By Amanda Avallone, Content Manager for Next Generation Learning Challenges
I went to a high school that had a vo-tech program, but I didn't know anything about it. I thought that's just where boys went to work on cars. --Dr. Abbie Cook, principal, Butler Tech Bioscience Center
Career Technical Education (CTE) has been a part of public education for over a hundred years. In earlier days, it was often called vocational technical education, or vo-tech, and its mission for much of that time was to prepare students for careers that did not require a college degree. Between 1990 and 2010, as public education priorities--and funding--focused on enrolling all students in four-year colleges and universities, CTE suffered a significant decline.
In this last decade, however, CTE has experienced a renaissance, remaking itself to align with how students learn best, as well as with the skills, knowledge, and capabilities they will need in the careers of the future. If you walk into a CTE school today, you may still find something that looks like a high-tech version of auto shop, but you are just as likely to see students in scrubs performing CPR on a robot, dancers in unitards rehearsing for a public performance, or young people ensconced in comfy chairs crunching statistics on their laptops. Or you may see empty desks, because the class is out in the field for the day, experiencing real-world learning on the campus of an industry partner.
This edition of Friday Focus: Practitioner’s Guide to Next Gen Learning takes a look at Butler Tech Bioscience Center, one example of this new generation of CTE models. Butler Tech is part of a five-campus career technical planning district that serves high school students and adults throughout Butler County, Ohio. Butler Tech Bioscience Center provides juniors and seniors with a rigorous, personalized, blended learning experience in four career areas: PLTW (Project Lead The Way) Biomedical Science, Dental Science, Exercise Science, and Healthcare Science.
For this story I visited Butler Tech and spoke to Abbie Cook, the school’s founding principal, about their model, including:
Why students need the kind of learning Butler Tech offers
How Butler Tech’s CTE model differs from both traditional public schools and vo-tech programs of the past
A Bridge to the Future
Thinking about possible careers should really be starting in kindergarten. By the time they get to high school, students may not want to hear about this from their parents, and if their school isn't talking to them about it, then it doesn't happen. That's a terrible disservice to students. -- Abbie Cook
Abbie describes herself as “a huge proponent of public education,” but she also identifies problems. One of these is a failure to keep pace with the changes taking place in the world students will soon enter. “We haven’t changed our model in any disruptive way,” she asserts, “and we don’t match what is needed in the workplace today.” In contrast, she says, Butler Tech acts “as a bridge to the future.”
Part of this mission is fulfilled by offering a wide array of career-focused learning experiences--including coursework, hands-on laboratory experiences, job shadowing, and internships with local healthcare and pharmaceutical industry partners like UC Health West Chester Hospital, Atrium Medical Center, and AstraZeneca.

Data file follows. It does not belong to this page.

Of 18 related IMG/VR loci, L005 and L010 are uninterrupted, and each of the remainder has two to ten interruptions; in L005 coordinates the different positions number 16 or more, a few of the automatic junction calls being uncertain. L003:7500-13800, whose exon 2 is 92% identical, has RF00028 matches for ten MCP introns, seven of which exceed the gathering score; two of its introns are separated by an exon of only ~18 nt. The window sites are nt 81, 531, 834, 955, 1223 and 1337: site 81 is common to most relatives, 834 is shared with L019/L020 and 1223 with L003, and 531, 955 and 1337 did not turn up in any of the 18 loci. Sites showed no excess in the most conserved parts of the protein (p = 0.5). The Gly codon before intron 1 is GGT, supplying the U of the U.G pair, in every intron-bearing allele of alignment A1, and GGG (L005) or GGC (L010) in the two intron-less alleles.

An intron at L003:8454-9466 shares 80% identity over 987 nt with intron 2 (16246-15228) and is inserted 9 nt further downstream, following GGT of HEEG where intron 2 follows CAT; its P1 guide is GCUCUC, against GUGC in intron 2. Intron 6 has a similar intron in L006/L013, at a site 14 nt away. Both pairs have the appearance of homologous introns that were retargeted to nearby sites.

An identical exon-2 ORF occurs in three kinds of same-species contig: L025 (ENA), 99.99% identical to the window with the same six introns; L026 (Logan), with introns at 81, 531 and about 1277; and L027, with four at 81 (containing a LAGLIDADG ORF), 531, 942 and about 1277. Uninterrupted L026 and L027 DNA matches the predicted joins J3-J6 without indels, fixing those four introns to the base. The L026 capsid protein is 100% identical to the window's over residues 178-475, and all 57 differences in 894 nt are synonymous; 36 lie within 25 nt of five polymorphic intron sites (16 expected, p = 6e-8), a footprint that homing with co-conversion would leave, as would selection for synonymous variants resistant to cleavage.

Students are encouraged to explore careers in deep and authentic ways and to make the most of opportunities to act as apprentice adults. Signs on the school’s walls remind students to “fill their plate” and load up on learning opportunities, a key message at Butler Tech. According to Abbie, learners take this to heart, building personalized learning pathways that not only fulfill rigorous high school graduation requirements but also earn them college credit--a student could earn as many as 60 credits over two years--and/or certifications for careers as a State Tested Nursing Assistant (STNA), pharmacy tech, phlebotomist, athletic trainer, and certified dental assistant, among others.
Another pillar of the Butler Tech program is student agency. According to Abbie, “too many schools are extremely rigid. Students move from bell to bell, and they are told, ‘You have to stay seated. You have to walk down one side of the hall.’ It’s not doing students justice to have so many rules. It’s not preparing them for life.” Butler Tech’s personalized, blended learning model, she explains, provides students with choices and flexibility on a daily basis, such as when and where they work on their academics or how much time they spend on a given subject, as well as longer-term decisions regarding which career paths and credentials they wish to pursue.
The Butler Tech facility, which resembles a modern workspace, supports this kind of self-direction. Students can choose to work in the commons, an open and flexible learning space shared by students and educators, collaborate in adjacent “huddle rooms,” or settle into a secluded chair, depending on the task or how the individual student learns best.
Traditional schools, Abbie observes, are often “adult-minded rather than student-minded. We offer some structure at Butler Tech, but students have a lot of decision-making ability. We need to trust our students and give them opportunities. We can’t tell them when to go to the bathroom and then expect them to succeed in the adult world.”